Economy Watch: More Americans Traveling Further to Work Than 10 Years Ago

The ranks of “super commuters” has grown in U.S. metro areas, from from 2.4 percent of all commuters in 2005 to 2.8 percent in 2016, according to a recent Apartment List analysis of Census Bureau data. Nationwide, one in 36 commuters are super commuters, meaning that they spend 90 or more minutes traveling to work each day, either hours on public transportation or slogging through traffic.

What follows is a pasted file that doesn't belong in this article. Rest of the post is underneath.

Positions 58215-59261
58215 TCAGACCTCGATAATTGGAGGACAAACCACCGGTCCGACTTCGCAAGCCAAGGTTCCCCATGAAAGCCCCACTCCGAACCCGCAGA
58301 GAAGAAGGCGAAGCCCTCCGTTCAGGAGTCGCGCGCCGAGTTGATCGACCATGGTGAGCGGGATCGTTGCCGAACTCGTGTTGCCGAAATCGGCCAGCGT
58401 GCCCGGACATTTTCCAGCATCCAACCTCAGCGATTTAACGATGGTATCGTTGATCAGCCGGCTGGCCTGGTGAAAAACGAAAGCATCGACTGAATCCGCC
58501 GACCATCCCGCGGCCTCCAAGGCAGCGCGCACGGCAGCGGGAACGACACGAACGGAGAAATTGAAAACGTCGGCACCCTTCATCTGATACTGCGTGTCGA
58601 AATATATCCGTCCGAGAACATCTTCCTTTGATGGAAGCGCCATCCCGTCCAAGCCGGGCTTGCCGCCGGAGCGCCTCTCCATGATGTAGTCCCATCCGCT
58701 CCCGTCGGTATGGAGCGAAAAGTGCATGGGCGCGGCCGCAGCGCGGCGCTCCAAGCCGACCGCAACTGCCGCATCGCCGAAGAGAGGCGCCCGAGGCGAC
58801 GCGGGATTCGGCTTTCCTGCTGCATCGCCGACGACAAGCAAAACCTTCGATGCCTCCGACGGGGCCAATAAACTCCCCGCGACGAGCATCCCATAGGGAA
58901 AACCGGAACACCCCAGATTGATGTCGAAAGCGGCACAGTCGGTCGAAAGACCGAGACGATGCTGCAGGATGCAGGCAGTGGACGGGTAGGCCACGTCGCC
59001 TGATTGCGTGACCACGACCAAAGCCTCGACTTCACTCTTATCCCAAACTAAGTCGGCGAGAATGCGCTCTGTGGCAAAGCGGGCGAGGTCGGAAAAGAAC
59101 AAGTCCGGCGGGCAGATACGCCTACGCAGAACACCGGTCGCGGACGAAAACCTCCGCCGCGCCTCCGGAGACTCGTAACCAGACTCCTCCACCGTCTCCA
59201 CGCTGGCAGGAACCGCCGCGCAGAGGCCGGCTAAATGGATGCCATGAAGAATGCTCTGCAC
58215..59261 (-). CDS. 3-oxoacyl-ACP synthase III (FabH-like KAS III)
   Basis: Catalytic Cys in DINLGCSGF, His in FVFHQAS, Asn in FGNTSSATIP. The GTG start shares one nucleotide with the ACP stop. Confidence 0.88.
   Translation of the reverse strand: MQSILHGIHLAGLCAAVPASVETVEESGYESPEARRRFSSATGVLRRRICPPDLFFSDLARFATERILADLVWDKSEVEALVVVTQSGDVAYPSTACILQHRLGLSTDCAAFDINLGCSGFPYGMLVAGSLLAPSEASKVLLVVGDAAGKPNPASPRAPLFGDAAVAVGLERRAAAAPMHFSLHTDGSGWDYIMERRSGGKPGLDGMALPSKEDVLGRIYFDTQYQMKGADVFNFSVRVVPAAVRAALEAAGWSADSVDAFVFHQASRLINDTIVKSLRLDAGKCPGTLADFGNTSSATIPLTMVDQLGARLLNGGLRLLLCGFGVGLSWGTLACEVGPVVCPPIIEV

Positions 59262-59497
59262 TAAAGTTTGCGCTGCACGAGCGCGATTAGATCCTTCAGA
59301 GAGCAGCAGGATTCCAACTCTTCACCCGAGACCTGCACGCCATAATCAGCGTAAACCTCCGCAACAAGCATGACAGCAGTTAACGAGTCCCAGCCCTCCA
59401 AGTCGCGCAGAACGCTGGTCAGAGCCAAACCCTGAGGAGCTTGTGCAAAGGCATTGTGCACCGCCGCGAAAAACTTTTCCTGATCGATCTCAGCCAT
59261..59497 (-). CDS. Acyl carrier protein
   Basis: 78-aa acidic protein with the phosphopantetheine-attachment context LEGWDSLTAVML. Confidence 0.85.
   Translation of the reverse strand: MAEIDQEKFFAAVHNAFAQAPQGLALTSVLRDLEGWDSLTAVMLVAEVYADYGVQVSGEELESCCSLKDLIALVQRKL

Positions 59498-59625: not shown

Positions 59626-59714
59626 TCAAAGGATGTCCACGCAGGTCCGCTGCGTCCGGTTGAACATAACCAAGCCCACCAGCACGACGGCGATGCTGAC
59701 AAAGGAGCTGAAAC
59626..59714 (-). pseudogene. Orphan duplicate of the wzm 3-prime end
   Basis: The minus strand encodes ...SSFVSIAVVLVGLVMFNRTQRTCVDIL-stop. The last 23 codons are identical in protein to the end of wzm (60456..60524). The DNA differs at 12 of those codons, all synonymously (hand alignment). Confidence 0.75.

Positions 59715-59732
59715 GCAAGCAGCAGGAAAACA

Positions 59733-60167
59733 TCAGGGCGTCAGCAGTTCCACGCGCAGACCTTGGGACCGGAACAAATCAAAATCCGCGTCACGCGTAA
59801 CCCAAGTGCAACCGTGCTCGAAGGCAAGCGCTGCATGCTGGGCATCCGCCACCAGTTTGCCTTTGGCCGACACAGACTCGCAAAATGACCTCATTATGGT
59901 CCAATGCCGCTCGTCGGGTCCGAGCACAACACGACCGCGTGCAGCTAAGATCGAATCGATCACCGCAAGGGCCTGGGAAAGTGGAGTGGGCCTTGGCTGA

The share of super commuters is highest in expensive metros with strong economies—New York, San Francisco, Washington, D.C., Atlanta and Los Angeles— and in their surrounding areas. In Stockton, Calif., for instance, 10 percent of commuters travel more than 90 minutes to work each day, the highest share among U.S. metros. New York has a 6.7 percent share and San Francisco has 4.8 percent.

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